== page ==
In our samples, the hot and dry concrete masonry units had the expected effect on the grout: Since water was quickly removed from the fresh grout, shrinkage cracks were abundant in all specimens. For the medium-strength grout, we had a difficult time determining the timing and amount of reconsolidation and subsequently observed extensive shrinkage cracks in the hardened cores. Because of this, we were more careful in consolidating the grout in the low-strength specimens.

Overall, we believe the dramatic differences in strength are related more to the skill and experience of the mason who reconsolidates the grout and the subsequent formation of shrinkage cracks than to any temperature effect. The benefit of spray curing is minimal, because it does not prevent the formation of shrinkage cracks.

Even though our medium-strength and Axsom's high-strength, hot-cure test results were the lowest among the curing conditions, they were still about equal to or substantially higher than the minimum Code-allowable grout compressive strength, f'g, of 2000 psi. This would suggest that the hot weather effects on grout strength are minimal as long as the grout is well-consolidated.

For the clay masonry prisms, the highest average flexural strength of 144 psi was for the lab-bag cure, and the lowest average strength of 51 psi was for the dry hot-cure. Thus, dry hot weather reduced the flexural strength by a factor of almost three. The fog spraying, however, produced a higher flexural strength of 83 psi.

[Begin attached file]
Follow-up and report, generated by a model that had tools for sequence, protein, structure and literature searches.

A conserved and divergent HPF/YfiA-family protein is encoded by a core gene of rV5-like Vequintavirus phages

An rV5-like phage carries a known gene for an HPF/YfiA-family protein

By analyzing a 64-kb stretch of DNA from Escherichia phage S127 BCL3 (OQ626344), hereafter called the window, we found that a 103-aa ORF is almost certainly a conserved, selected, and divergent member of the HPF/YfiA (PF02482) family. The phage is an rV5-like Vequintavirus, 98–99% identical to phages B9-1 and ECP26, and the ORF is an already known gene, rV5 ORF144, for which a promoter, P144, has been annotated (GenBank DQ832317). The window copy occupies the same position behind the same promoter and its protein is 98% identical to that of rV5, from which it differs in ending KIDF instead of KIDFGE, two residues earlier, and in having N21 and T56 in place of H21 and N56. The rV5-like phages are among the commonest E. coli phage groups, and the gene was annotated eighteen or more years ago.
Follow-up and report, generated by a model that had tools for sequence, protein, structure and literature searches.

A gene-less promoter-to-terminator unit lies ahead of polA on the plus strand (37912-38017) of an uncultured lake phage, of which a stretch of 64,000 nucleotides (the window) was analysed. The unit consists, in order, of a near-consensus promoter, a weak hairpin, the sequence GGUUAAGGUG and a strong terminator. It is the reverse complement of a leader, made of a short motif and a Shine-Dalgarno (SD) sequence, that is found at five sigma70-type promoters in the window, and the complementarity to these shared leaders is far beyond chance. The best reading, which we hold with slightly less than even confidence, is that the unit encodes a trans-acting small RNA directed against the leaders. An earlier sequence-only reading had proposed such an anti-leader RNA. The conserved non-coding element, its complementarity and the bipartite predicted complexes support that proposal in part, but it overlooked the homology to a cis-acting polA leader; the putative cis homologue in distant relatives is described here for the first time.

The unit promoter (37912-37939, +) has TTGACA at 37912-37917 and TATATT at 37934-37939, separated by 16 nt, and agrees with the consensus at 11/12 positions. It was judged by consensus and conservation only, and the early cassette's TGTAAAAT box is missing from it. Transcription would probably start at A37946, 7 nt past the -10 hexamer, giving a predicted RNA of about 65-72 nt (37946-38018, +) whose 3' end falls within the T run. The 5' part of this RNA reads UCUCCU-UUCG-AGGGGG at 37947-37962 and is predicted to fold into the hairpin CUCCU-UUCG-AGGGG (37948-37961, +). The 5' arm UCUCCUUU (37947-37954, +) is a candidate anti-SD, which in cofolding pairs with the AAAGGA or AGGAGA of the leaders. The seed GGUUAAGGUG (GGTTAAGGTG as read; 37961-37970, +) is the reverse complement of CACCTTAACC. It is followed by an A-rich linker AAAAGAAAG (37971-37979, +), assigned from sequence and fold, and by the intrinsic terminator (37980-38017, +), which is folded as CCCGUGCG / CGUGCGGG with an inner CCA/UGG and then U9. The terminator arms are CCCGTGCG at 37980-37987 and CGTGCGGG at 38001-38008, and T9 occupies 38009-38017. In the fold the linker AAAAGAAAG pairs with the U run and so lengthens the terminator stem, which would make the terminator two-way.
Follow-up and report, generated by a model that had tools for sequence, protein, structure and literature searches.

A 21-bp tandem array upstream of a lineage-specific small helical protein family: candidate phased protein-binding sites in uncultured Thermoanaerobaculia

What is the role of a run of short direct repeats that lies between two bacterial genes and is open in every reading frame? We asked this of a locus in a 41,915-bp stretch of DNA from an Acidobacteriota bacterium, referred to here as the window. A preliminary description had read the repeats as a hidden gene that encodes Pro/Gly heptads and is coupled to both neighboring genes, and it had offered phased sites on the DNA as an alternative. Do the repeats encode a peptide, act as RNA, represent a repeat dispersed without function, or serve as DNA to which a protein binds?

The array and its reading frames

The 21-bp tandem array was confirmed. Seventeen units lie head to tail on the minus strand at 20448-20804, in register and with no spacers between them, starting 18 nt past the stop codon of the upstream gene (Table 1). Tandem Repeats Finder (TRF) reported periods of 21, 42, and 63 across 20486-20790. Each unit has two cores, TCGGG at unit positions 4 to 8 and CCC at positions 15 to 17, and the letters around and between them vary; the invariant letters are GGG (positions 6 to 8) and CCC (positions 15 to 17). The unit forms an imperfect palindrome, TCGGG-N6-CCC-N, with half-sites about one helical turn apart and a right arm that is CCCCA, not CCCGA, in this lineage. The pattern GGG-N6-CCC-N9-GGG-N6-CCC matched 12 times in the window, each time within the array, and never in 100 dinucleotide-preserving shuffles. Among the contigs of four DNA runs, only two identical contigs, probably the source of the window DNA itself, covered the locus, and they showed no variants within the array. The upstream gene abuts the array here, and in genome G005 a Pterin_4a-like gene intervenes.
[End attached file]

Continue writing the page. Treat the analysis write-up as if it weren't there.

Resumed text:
For the concrete brick masonry prisms, the highest average strength of 117 psi was for the fog-spray prisms. The lab-cure prisms averaged only 75 psi, and the hot-cure prisms averaged 43 psi. Fog spraying increased the average strength over the dry hot cure by a factor of almost three.

Axsom's tests also show that fog spraying significantly increases the flexural strength.

Both our test results and Axsom's match test results from NCMA (Ref. 13). Although NCMA's bond wrench tests were conducted at more normal temperatures (75° ± 15° F), the bond wrench test results for fog-sprayed specimens were about three times higher than bag-cured specimens.

The building codes (Refs. 14 and 15) specify an allowable flexural tensile strength of 40 psi, normal to bed joints between solid units. The average hot-cure test results were just barely over 40 psi. Therefore, for unreinforced masonry, which relies on the masonry for flexural strength, hot-weather construction would not provide sufficient strength capacity without fog spraying.

The bottom line for designers is that although strength may decrease slightly during hot weather construction, reinforced masonry structures should not need any additional hot-weather precautions. On the other hand, unreinforced masonry structures, relying on the Code-allowable flexural tensile strength, must be fog sprayed during hot weather construction to achieve the expected performance.

If, however, the designer chooses to base the structure's design on actual field prism and grout tests (the prism test method rather than the unit strength method), these tests should be conducted in hot weather. If they are not, the strength values chosen by the designer in the project documents should account for hot-weather strength reductions and should specify the required hot-weather curing methods.